Bankrupt 'widow' of Saudi king seeks £12m from prince

London socialite alleges a secret royal marriage, hush money and dodgy defence contracts

Michael Gillard
Sunday 27 September 2009 00:00

A Saudi prince is being sued in London for allegedly breaching a contract to pay £12m to the "secret wife" of his father for retracting damaging allegations about the late King Fahd.

Lawyers acting for British creditors of Janan Harb are bringing the High Court action after the socialite went bankrupt last year owing £3m.

Allegations about King Fahd in Mrs Harb's sworn witness statement, written to support a maintenance claim against the king, have been kept secret for six years. However, the creditors' action is set to expose the statement and other allegations, among them that King Fahd received millions of pounds in "commissions" for granting government contracts.

Inquiries by The Independent on Sunday have also established that the king previously paid his "wife" £8m in hush money through a complex series of property deals, some in London using Caribbean offshore companies to hide his involvement. The arrangement also involved her handing over an unpublished manuscript.

The case is the latest legal salvo in a bitter dispute over the late king's multibillion-pound estate. But it is the first time that Prince Abdul Aziz, a government minister and possible future leader of the oil-rich autocracy, has been publicly drawn into the fray.

Mrs Harb, 62, a British citizen originally from Palestine, has been an embarrassment to the royal house since she launched a £400m maintenance claim against King Fahd in 2004. They married, she says, in March 1968 under sharia in a secret ceremony at the al-Sharafiya palace. In 1970 she claims she was "forced" by senior royals to leave Saudi Arabia, but continued the relationship from London after King Fahd's coronation in 1982. He died in 2005 aged 82, and the High Court ruled that her maintenance claim could not continue.

But the new legal claim keeps the issues alive.

During the "exile" years Mrs Harb counted on the financial support of British and Middle Eastern businesspeople who are owed the bulk of the £3m. Lloyds Bank is owed £300,000. She declines to identify her creditors. However, a legal source revealed that some are using false names or acting through solicitors for fear of crossing the House of Saud.

Griffins, the trustee in bankruptcy, and the lawyers Mishcon de Reya have a duty to maximise Mrs Harb's assets for her publicity-shy creditors. On 15 June they issued proceedings against the prince, alleging that he breached an agreement reached at the Dorchester Hotel exactly six years earlier to pay Mrs Harb £12m and sign over two flats in London. In return, she was to apologise and retract the allegations in her witness statement prepared in May 2003. Mrs Harb is reluctant to discuss the statement's contents other than to say it detailed the reasons why she was banished. She calls it "the club in my pocket".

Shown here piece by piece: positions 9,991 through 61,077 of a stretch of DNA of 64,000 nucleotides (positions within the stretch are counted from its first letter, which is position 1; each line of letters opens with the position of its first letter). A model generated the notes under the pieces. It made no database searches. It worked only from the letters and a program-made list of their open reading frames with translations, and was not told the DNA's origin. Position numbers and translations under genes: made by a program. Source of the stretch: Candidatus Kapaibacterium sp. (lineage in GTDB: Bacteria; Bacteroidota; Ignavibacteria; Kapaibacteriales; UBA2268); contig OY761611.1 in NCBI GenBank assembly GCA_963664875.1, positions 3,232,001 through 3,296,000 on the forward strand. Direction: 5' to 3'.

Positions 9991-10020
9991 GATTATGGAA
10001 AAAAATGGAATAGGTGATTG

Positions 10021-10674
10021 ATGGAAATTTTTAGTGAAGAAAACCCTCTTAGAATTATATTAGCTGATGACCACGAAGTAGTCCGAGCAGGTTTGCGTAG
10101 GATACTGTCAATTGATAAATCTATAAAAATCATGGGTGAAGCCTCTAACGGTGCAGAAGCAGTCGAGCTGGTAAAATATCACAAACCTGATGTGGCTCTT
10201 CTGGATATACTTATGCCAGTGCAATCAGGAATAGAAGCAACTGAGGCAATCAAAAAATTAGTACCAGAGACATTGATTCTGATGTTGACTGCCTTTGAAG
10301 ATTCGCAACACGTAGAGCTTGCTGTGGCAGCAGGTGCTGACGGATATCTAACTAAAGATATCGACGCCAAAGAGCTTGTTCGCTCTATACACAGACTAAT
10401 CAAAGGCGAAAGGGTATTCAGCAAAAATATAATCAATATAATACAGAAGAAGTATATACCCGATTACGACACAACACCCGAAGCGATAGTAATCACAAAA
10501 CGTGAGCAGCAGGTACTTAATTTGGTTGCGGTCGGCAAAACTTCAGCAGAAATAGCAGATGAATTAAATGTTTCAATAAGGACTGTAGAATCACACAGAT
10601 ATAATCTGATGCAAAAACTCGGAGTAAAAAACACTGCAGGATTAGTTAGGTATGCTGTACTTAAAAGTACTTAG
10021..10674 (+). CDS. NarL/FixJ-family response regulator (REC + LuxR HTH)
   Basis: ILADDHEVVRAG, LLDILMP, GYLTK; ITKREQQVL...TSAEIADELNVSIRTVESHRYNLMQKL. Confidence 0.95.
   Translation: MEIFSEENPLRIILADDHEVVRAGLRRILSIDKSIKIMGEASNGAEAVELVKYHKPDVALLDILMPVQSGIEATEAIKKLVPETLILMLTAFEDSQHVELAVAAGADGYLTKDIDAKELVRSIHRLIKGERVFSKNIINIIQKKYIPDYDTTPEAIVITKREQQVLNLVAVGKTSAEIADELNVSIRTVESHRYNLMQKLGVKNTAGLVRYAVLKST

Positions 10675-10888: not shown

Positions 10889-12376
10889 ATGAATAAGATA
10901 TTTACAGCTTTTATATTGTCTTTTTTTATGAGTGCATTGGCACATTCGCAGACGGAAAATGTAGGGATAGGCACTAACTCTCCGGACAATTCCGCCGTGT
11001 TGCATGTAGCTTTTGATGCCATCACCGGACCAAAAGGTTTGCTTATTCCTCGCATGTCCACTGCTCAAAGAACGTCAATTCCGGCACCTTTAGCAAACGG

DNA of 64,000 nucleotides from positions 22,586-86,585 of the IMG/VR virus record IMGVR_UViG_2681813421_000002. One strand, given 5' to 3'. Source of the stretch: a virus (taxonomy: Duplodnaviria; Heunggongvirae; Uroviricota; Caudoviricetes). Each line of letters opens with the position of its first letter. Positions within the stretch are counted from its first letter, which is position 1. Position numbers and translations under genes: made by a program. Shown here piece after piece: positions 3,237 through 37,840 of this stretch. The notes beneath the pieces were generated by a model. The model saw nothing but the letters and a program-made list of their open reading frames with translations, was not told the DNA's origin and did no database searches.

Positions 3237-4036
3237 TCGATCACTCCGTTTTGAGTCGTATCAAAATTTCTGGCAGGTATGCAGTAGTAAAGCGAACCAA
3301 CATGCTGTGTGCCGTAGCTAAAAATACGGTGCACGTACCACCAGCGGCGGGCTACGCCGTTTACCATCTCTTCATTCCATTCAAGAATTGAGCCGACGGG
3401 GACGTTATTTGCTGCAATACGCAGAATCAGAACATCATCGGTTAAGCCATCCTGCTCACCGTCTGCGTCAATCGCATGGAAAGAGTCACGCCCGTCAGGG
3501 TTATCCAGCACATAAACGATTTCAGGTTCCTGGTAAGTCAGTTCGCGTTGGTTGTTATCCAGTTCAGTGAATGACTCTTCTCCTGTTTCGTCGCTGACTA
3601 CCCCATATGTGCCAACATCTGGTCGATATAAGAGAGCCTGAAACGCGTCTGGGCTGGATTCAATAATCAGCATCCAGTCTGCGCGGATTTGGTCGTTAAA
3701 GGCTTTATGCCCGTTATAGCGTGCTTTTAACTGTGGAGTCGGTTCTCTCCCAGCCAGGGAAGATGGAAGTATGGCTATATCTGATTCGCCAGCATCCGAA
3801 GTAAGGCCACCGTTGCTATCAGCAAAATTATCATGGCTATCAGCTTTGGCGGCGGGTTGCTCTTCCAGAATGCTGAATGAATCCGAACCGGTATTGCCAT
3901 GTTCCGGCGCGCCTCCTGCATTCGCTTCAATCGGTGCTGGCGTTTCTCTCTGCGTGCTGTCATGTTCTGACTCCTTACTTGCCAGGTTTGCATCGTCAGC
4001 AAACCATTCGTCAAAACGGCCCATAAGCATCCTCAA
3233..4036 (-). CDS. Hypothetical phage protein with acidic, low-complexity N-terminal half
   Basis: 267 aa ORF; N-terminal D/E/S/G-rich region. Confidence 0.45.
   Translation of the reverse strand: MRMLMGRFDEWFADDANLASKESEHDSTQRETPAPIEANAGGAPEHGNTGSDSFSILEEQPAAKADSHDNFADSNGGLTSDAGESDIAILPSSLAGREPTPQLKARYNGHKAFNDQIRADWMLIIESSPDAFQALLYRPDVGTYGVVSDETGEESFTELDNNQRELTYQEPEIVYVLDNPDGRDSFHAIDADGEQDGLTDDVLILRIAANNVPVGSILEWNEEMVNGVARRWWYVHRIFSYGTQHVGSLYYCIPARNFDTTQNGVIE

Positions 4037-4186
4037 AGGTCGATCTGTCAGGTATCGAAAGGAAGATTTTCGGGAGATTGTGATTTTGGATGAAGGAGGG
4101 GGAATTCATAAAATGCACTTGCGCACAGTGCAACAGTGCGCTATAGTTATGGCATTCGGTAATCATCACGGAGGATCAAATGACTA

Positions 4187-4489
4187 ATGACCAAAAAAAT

The history of the flats in Chelsea's exclusive Cheyne Walk is equally murky. She claims King Fahd had given her one of the flats in 1975 and the other was bought in 1988 out of a £1m payment from the king. But Mrs Harb says that in 1995 she sold the flats back to King Fahd for £2m.

The king hid his involvement in the deal through two Caribbean offshore holding companies, Beechwood House and Elmsdale. Land Registry records link the British Virgin Islands-registered firms to the offices of the king's lawyers, Howard Kennedy. However, Martin Davies, a senior partner, is unwilling to discuss his firm's representation of King Fahd.

If the case goes the distance, a trial will also hear allegations of commissions paid for government contracts. According to Mrs Harb, when they first met, King Fahd was interior minister but lacked a personal fortune. She encouraged him to earn "commissions" from awarding contracts to her boss, a Saudi businessman who acted as an agent for international companies.

She claims King Fahd made millions from a defence contract and promised her a £6m share to be held in trust. This is where the £12m figure comes from when interest is added.

"What's £12m? It's their laundry bill every week. It's not like it's their money. I worked for that money," Mrs Harb said.

Prince Abdul Aziz has not yet responded to the new claim as Griffins is waiting for High Court permission to serve it in Saudi Arabia. He could settle for £3m, leaving no surplus for Mrs Harb. She says she would like the Queen to mediate. "I'm for ever indebted to Britain for its support in my struggle... We are all aware of the close relationship of the two royal houses."

Mrs Harb, a scientologist, has warned the Saudi royals that if there is no settlement to her liking she will write a book. This would breach a confidentiality agreement she signed in 2001 when King Fahd paid £5m for her unpublished manuscript and a property in Beirut. "I'm going to keep stirring it until they give me the money – at least £50m," she promised.

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